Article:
Amazon Mechanical Turk is based out of the US. So if are working from India, you will not be able to transfer any money out to India for free. They charge a whooping $4 for a transfer to India. $4 seems to translate to almost Rs. 200 or Rs. 160 depending upon the rate of exchange. For Rs. 200, you could buy one decent meal in a restaurant on a weekday. Or buy 4 kilograms of decent quality rice. So the $4 is not an option. Hmm…what other options do you have? Matching up images for money is no fun if there is no payoff at the end of the tunnel. Yes, mixed metaphors are a whole lot of fun. Well, if you are like me, you like to read. I love to read. From drama to tragedy, from action to suspense, from the self-published to the bestseller; if someone published it, I want to read it. So I did the next best thing with my $5, I converted it into an Amazon gift certificate.

"Heck, if Amazon won't pay me my money by cash transfer", I thought, "I will just buy one of their books and make myself happy". With that in mind, I hopped over to the Amazon book store. It is on the internet, so I didn't really 'hop' over anywhere. Well, guess what, they charge a huge amount for international shipping. Ouch, I didn't see that one coming.

It seemed that my money was lost for ever. Doomed to roam forever, amongst the motherboards and hard drives of Amazon's global data centers, running round and round from one data center to another, crossing from Europe to Japan, from Japan to America, form America to Singapore. Things were certainly looking grim. Looking for a solution over the internet, I came across an article about the amazon kindle. It is a reading device that retails for Rs. 7000 to Rs. 10000 in India. The interesting thing about it is that you can read the electronic copy of your favorite book on it. So, Amazon was selling electronic copies of its books. Electronic copies do not need to be shipped physically, so there are no charges for sending it over to India. Now, all I had to do was, buy a kindle edition instead of the paperback.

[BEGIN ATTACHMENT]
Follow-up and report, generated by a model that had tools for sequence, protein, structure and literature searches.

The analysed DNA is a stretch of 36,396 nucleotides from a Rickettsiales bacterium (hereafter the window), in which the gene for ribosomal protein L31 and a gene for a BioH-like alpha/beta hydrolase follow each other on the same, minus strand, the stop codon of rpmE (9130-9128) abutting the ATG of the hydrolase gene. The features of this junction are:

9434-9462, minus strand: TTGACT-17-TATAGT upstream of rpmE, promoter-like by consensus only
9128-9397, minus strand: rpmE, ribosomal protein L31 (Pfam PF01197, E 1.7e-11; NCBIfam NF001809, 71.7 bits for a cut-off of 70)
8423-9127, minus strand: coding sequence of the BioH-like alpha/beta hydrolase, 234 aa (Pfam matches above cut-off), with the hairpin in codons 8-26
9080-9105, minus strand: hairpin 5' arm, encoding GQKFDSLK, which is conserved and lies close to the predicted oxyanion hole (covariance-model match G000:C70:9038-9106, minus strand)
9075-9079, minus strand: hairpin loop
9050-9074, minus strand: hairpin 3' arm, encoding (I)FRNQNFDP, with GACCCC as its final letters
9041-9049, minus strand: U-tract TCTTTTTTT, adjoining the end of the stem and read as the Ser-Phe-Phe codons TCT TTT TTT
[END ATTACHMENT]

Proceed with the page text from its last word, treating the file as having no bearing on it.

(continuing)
With that great plan, I headed back to the Amazon site. Things were going well for a while, until a message popped up on the screen: no kindle device selected. So, they wanted me to buy a kindle if they I wanted to buy one of their books. Was there no end to this? All I wanted was my $5. Was I being unreasonable? Is it too much to ask? I was looking around for a solution to my problem when I spied a link on the page that said: "read on your pc". Finally, I had found the solution to my problem. I downloaded the free application and was reading a $5 novel within minutes. Reading on the PC does have its advantages: you can increase the font size and read it as far away from the screen as you want, and there is no need to have a bookcase. The last time I moved, I had all my books packed up in cardboard boxes. After the move, I did not take them out of their boxes. They take up too much space and space is at a premium.

Kindle editions on the other hand, live on the hard drive. I have lots of space on my hard drive. And the new books are cheaper than the paperbacks in India. Most of the new paperbacks or bestsellers are not available in India anyway, so I guess it works out for everyone involved.